Archived Content

Information identified as archived is provided for reference, research or recordkeeping purposes. It is not subject to the Government of Canada Web Standards and has not been altered or updated since it was archived. Please contact us to request a format other than those available.


Previous   Table of contents   Next

Assessing the Access to Information Performance of Government Institutions (Report Cards)

For almost nine years, the Office of the Information Commissioner has been pro-actively reviewing and grading the performance of government institutions in respecting the Access to Information Act (the Act). Those reviews, which have come to be known as "report cards", play several roles:

First, they help the Information Commissioner appreciate the entirety of an institution’s performance in administering the access to information

Second, they serve to encourage government institutions to put access to information performance higher on their list of priorities. Ministers and Deputy Ministers don’t want to receive grades that reflect poorly on their leadership.

Third, report cards create and disseminate a wealth of information across government about "best practices" in administering the access to information program, as they are focused on encouraging government institutions to achieve success through sound administrative processes, training, and work tools, as well as sufficient staff.

Fourth, report cards assist Parliament in playing a more targeted and focused oversight role. For example, the Standing Committee on Access to Information, Privacy and Ethics has called senior officials from the institutions which received failing grades to respond to the report cards and explain their plans to get better grades in future.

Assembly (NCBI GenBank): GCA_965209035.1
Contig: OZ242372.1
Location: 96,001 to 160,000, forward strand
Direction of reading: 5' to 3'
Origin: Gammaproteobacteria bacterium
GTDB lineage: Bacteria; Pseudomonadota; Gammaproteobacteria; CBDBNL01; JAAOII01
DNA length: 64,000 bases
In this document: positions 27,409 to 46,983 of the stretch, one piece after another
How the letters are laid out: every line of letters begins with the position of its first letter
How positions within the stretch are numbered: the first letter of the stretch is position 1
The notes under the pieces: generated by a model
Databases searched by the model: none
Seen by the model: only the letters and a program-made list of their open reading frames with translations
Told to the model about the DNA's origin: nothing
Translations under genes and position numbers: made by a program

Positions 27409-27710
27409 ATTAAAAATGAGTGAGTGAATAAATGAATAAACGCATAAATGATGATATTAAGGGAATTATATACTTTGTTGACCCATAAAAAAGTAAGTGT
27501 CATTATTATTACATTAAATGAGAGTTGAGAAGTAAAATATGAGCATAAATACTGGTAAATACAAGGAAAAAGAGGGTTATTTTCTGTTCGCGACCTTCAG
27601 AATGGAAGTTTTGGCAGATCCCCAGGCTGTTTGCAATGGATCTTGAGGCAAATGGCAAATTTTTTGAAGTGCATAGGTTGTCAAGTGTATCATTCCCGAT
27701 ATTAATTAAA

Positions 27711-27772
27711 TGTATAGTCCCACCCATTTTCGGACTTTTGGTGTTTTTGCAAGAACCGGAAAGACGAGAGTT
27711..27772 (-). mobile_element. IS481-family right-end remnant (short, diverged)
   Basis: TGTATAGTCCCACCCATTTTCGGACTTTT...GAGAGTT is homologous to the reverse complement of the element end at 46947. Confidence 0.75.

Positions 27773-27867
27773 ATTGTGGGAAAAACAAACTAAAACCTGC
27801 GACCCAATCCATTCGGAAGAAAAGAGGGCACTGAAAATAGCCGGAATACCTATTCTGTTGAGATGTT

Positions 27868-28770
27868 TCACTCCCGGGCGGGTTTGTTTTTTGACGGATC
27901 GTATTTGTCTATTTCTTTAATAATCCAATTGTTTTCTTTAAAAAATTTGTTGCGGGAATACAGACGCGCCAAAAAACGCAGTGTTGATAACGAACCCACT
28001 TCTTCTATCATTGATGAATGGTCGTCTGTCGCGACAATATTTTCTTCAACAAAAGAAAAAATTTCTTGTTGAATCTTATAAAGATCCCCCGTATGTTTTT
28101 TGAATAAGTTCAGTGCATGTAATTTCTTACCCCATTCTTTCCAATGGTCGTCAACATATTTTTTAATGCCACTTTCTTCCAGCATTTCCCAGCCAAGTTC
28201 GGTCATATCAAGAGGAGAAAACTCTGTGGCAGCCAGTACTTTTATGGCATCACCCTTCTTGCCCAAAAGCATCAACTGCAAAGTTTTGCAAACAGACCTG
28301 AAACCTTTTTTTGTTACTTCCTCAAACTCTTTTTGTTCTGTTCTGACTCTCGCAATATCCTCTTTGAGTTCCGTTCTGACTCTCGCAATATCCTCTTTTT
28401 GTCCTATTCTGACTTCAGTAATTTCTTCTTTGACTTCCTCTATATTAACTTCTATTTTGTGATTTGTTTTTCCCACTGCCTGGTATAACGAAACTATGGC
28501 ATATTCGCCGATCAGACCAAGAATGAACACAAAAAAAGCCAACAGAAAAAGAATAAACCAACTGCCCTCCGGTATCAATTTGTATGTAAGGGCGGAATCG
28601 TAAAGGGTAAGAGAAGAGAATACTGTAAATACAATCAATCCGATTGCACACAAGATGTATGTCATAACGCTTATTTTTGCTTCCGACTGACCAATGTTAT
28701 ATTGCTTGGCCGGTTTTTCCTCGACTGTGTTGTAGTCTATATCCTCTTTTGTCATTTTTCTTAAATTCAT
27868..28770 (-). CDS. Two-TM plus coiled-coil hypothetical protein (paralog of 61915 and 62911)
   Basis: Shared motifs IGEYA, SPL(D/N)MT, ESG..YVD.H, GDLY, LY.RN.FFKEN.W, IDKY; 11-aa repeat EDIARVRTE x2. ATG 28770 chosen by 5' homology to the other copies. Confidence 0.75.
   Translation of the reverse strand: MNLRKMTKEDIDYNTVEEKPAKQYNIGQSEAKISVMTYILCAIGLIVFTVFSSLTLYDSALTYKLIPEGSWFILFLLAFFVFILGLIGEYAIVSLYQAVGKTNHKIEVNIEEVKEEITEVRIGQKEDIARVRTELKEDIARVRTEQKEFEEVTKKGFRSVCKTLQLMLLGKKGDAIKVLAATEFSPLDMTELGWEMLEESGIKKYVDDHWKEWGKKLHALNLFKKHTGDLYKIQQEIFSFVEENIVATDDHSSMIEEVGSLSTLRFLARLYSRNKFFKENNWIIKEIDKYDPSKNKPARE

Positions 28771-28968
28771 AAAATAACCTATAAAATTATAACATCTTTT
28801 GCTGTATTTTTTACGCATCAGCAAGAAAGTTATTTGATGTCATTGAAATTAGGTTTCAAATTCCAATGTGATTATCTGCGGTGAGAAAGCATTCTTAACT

Finally, since the inception of the report card reviews, the number of complaints of delay received by the Information Commissioner has dropped from in excess of 50% of the office’s workload in 1997 to a low of 14.5% in 2003-2004. In this reporting year, some 23% of complaints related to delay.

As a result of the report card process, there has been a significant new infusion of resources for the access to information program in many institutions, an improvement in the timeliness of responses to access requests, and more knowledgeable application of the law’s exemptions so as to keep the zone of secrecy in government to the minimum authorized by the Act.

Grading Scale

The grade given to an institution is based on the percentage of access requests it answers late. The Act establishes mandatory response deadlines and deems a request to have been denied if the answer is late. Grades are based on the following standards:

% of Requests Received Which End as Deemed Refusals

% of deemed refusals

Comment

Grade

0-5%

Ideal Compliance

A

5-10%

Substantial Compliance

B

10-15%

Borderline Compliance

C

15-20%

Below Standard Compliance

D

More than 20 %

Red Alert

F

In this reporting year, report card reviews were conducted on 17 institutions. The results are set out in the following table, and the percentage of requests deemed to have been refused (late) includes requests received in the previous fiscal year that were carried over in this fiscal year.

GRADING FROM 1998 TO 2006

(for the period April 1 to November 30)

 

1998

1999

2000

2001

2002

2003

2004

2005

2006

AAFC

-

-

-

-

-

-

F

21.9%

F

38.7%

A

3.8%

CBSA

-

-

-

-

-

-

-

-

F

69.0%

CIC

F

F

D

C

A

D

C

13.8%

D

15.3%

B

7.9%

DFAIT

F

F

F

D

B

D

F

28.8%

F

60.1%

D

17.2%

Fin

-

-

-

-

-

-

-

C

11.9%

B

7.9%

F&O

-

-

F

F

A

A

B

5.2%

C

12.7%

B

5.9%

HCan

F

A

-

-

A

B

D

18.2%

D

18.9%

F

21.9%

IC

-

-

-

-

-

F

D

16.2%

B

5.9%

B

8.1%

IRB

-

-

-

-

-

-

-

F

39.1%

A

0.0%

Jus

-

-

-